A collection of items recovered from the wreck of the Carpathia, with significance to the story of the rescue of Titanic's passenger and crew, was sold at Henry Aldridge & Son's Auction of Titanic, White Star, Ocean Liner and Travel Memorabilia on Saturday 17 April 2021.
The Carpathia was travelling eastbound from New York to Gibraltar and the Mediterranean when she picked up the Titanic's distress signal. The telegraph would have been used to transmit the order from the bridge to the engine room to set the engines to full-ahead, in its attempt to reach the Titanic in time to rescue any survivors.
As Captain Rostron recalled:
The Carpathia was a fourteen-knot ship, but that night for three and a half hours she worked up to seventeen knots.
The Carpathia was a Cunard Line transatlantic passenger steamship built by Swan Hunter & Wigham Richardson in Wallsend, Tyne and Wear, England in 1903. She is best known as the ship which rescued all of Titanic’s survivors. In the early morning of 15 April, 1912 the Carpathia’s radio operator, Harold Cottam, received a message from Titanic that it had struck an iceberg. After bringing the message to the ship’s master, Captain Arthur Rostron, Rostron took immediate steps to steam to Titanic’s reported position:
One of the first things I did, naturally, was to get up the chief engineer, explain the urgency of matters and, calling out an extra watch in the engine-room, every ounce of power was got from the boilers and every particle of steam used for the engines, turning it from all other uses, such as heating.
After navigating around an ice field, Carpathia reached Titanic’s position at about 4:00 A.M., a little more than an hour and a half after Titanic went down. Carpathia arrived in New York on 18 April, 1912 where Titanic’s survivors disembarked and the Carpathia resumed its regular voyage to the Mediterranean.
After being pressed into service during World War I by the British Admiralty, Carpathia was sunk on 17 July, 1918 by three torpedoes fired by U-55 of the German Imperial Navy around 120 miles west of Fastnet.
Salvage of the Carpathia Artefacts
Carpathia was discovered lying in an upright position at a depth of about 500 feet of water 120 miles west of Fastnet, Ireland. Exploring it posed some difficulty. While there are rare cases of commercial divers briefly reaching depths of 1000 feet, 500 feet represents the more realistic limit of human tolerance for deep sea divers, imposing a heavy decompression penalty of five hours.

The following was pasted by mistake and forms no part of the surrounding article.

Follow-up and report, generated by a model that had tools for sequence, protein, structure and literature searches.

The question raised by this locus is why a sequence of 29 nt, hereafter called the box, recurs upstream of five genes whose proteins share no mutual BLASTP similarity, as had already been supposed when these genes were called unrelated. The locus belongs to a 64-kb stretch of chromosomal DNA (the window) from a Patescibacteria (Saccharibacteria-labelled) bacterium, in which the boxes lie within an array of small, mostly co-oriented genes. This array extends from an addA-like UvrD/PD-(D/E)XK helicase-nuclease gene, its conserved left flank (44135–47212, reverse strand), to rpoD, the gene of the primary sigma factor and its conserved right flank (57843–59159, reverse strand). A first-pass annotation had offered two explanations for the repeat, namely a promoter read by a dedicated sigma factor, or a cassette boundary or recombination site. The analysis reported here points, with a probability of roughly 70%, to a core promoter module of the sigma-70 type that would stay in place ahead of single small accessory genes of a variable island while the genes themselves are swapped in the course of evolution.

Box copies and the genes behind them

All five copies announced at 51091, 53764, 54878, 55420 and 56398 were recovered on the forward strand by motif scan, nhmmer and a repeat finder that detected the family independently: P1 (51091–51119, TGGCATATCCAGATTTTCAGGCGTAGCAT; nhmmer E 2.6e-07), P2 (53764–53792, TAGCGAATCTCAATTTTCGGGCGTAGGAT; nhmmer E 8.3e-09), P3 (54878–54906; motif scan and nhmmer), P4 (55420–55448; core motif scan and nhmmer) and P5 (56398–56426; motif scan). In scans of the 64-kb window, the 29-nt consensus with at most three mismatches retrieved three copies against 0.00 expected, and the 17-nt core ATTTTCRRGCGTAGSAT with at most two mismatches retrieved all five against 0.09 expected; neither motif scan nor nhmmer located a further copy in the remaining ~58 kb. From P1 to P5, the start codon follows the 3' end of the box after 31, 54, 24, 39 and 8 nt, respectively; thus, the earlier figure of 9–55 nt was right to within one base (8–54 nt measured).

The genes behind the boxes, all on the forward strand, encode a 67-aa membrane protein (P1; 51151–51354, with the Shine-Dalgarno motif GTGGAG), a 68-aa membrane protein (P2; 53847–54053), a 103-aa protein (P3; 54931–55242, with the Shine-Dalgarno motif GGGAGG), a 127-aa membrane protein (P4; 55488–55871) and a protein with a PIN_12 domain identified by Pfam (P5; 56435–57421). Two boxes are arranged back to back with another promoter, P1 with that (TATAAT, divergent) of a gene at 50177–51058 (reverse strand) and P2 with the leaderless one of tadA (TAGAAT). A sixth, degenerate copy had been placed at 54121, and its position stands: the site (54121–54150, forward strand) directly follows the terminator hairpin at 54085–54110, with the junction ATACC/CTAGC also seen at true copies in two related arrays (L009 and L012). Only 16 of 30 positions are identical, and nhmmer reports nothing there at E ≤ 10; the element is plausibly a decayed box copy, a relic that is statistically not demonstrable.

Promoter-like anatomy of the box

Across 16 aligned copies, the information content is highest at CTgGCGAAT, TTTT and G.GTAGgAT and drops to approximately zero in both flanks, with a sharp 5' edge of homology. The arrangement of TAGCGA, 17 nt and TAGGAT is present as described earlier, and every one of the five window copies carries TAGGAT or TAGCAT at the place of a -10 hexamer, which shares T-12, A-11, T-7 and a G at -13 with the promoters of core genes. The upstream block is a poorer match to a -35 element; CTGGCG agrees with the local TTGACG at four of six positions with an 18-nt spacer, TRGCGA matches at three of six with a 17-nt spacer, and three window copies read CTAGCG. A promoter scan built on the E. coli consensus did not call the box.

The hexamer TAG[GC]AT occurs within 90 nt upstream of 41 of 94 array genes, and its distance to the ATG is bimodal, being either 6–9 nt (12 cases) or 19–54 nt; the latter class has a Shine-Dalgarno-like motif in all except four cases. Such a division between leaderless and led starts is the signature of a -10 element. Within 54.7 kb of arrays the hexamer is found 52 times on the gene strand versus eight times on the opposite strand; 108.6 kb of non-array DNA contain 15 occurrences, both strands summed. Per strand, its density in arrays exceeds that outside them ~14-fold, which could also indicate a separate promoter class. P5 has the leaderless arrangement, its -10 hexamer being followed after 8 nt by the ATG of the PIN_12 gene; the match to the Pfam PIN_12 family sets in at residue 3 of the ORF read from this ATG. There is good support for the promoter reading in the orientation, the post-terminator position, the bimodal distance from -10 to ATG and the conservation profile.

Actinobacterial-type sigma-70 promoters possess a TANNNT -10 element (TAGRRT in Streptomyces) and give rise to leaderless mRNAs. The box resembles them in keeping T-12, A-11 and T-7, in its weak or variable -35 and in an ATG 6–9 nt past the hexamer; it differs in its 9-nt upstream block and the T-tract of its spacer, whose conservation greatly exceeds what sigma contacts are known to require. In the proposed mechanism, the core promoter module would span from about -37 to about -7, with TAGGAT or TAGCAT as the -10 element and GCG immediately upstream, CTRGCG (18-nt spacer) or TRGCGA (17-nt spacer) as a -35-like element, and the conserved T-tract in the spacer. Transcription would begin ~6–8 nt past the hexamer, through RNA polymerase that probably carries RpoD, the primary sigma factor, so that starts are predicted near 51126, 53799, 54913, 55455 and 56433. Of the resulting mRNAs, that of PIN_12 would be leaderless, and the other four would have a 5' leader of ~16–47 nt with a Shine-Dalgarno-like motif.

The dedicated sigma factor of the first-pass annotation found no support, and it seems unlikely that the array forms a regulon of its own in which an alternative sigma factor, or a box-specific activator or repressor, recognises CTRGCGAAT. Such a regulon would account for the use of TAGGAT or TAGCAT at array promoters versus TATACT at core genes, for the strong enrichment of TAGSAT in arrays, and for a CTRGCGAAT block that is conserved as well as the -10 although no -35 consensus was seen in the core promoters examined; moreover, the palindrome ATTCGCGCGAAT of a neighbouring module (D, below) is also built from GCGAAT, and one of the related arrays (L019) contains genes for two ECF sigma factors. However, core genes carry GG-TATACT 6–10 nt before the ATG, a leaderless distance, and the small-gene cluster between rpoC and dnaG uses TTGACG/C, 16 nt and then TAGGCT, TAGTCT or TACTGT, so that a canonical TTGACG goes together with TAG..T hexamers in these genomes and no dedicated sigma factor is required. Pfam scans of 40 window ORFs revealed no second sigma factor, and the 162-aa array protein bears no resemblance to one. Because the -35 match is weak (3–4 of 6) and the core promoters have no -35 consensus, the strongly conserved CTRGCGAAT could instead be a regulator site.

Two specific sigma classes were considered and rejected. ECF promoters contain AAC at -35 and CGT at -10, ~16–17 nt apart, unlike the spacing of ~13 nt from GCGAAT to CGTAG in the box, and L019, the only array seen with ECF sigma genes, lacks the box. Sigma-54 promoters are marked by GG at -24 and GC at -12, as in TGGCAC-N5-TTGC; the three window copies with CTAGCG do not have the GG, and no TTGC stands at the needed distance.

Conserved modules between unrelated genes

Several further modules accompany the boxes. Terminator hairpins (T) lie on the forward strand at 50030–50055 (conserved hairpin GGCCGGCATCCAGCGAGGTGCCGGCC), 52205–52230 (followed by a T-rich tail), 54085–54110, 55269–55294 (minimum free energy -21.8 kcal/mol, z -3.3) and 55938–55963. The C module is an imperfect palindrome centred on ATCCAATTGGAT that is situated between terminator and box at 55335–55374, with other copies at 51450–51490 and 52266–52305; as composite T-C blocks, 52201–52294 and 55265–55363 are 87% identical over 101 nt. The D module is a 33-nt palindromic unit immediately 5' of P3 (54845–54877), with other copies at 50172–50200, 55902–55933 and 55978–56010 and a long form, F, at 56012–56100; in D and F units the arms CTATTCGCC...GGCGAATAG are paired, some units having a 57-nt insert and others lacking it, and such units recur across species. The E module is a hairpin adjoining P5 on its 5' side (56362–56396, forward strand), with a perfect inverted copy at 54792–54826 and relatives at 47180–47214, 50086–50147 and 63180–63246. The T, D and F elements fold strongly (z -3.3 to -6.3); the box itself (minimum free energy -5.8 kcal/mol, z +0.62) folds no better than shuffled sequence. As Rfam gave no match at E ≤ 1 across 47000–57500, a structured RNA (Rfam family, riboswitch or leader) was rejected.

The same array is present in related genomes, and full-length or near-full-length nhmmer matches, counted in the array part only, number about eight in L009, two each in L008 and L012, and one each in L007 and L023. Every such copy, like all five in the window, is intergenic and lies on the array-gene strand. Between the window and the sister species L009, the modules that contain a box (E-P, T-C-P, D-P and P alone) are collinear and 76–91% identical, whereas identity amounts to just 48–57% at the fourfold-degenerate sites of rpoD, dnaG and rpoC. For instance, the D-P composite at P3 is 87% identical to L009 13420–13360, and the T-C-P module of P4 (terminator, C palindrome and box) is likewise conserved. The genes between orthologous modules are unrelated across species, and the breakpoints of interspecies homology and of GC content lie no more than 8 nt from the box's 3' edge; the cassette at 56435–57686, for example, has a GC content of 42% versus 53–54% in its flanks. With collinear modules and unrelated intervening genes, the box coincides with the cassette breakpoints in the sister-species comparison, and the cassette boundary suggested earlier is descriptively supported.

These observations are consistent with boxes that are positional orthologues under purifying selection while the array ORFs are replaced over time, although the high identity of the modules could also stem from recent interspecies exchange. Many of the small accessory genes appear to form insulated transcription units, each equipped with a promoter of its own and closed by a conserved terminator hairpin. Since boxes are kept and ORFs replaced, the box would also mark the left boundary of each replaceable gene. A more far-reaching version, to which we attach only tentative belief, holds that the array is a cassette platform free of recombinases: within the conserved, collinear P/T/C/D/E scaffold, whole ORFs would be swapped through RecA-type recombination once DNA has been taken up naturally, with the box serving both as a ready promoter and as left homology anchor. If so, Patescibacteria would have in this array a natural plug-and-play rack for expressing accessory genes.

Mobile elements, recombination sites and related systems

Numerous dives were made in August and September 2007 to recover Carpathia’s artefacts from the debris field. Over 90 artefacts were recovered including some involved in Carpathia’s rescue of Titanic’s survivors. Such are the artefacts offered here. The following four lots are unparalleled:
- An engine order telegraph from Carpathia’s bridge used to signal the engine room;
- a lamp which would have lighted the way for survivors in the dark;
- a port hole which still opens and closes
- a six-inch wide floor tile.
R.M.S. Carpathia Engine Order Telegraph
Today, modern vessels have a throttle on the bridge for the direct control of the engines without any involvement of engine room personnel. In Titanic’s time, bridge personnel would have to move the pointer on the telegraph to the desired speed. This would trigger an “alarm” bell in the engine room which signalled an incoming engine order from the bridge. In the case of the rescue of the Titanic’s surviving passengers and crew this Ship’s telegraph was an integral part of one of the most famous events of the 20th century. Captain Rostron set a course for Titanic upon receiving the distress calls. He then sent for his chief engineer and told him to “call another watch of stokers and make all possible speed to the Titanic”.
The pointer of the engine room telegraph would move to the position on the dial which was selected by the bridge such as Full Ahead, Half Ahead, Slow Ahead, Stop, Slow Astern, etc. The engineers would signal receipt of the order by moving the engine room pointer lever to the same position which would trigger a bell to ring in the bridge’s telegraph. The engineers would then bring the engines to the desired speed. In an emergency, such as an order for an emergency stop, bridge personnel would bring the lever to the “stop” position three times. This would result in an equal number of rings in the engine room telegraph signalling an urgent request.
The telegraph was manufactured by A. Robinson & Co. Ltd, Liverpool & Glasgow with maker’s plaque present. The telegraph top was recovered on 29 August 2007 by a deep wreck diver using a lift bag. The base was recovered on 28 August 2007 with a crane from the Janus II research vessel. The artefact exhibits expected pitting, dents and losses. The door to the base is attached and bulges slightly. Some of the original glass is present and intact. Four later mounts have been added to the base for display purposes. Internal workings including the alarm bell are present as is one lever. Approximately 48ins tall. Quite simply an exceptional piece of memorabilia and was an essential part of the Carpathia’s endeavours to reach the Titanic’s survivors.
The telegraph is predicted to raise between £50000–£80000.
A bronze porthole from the Carpathia valued at £20,000-£30,000
(Photos courtesy of Henry Aldridge & Son)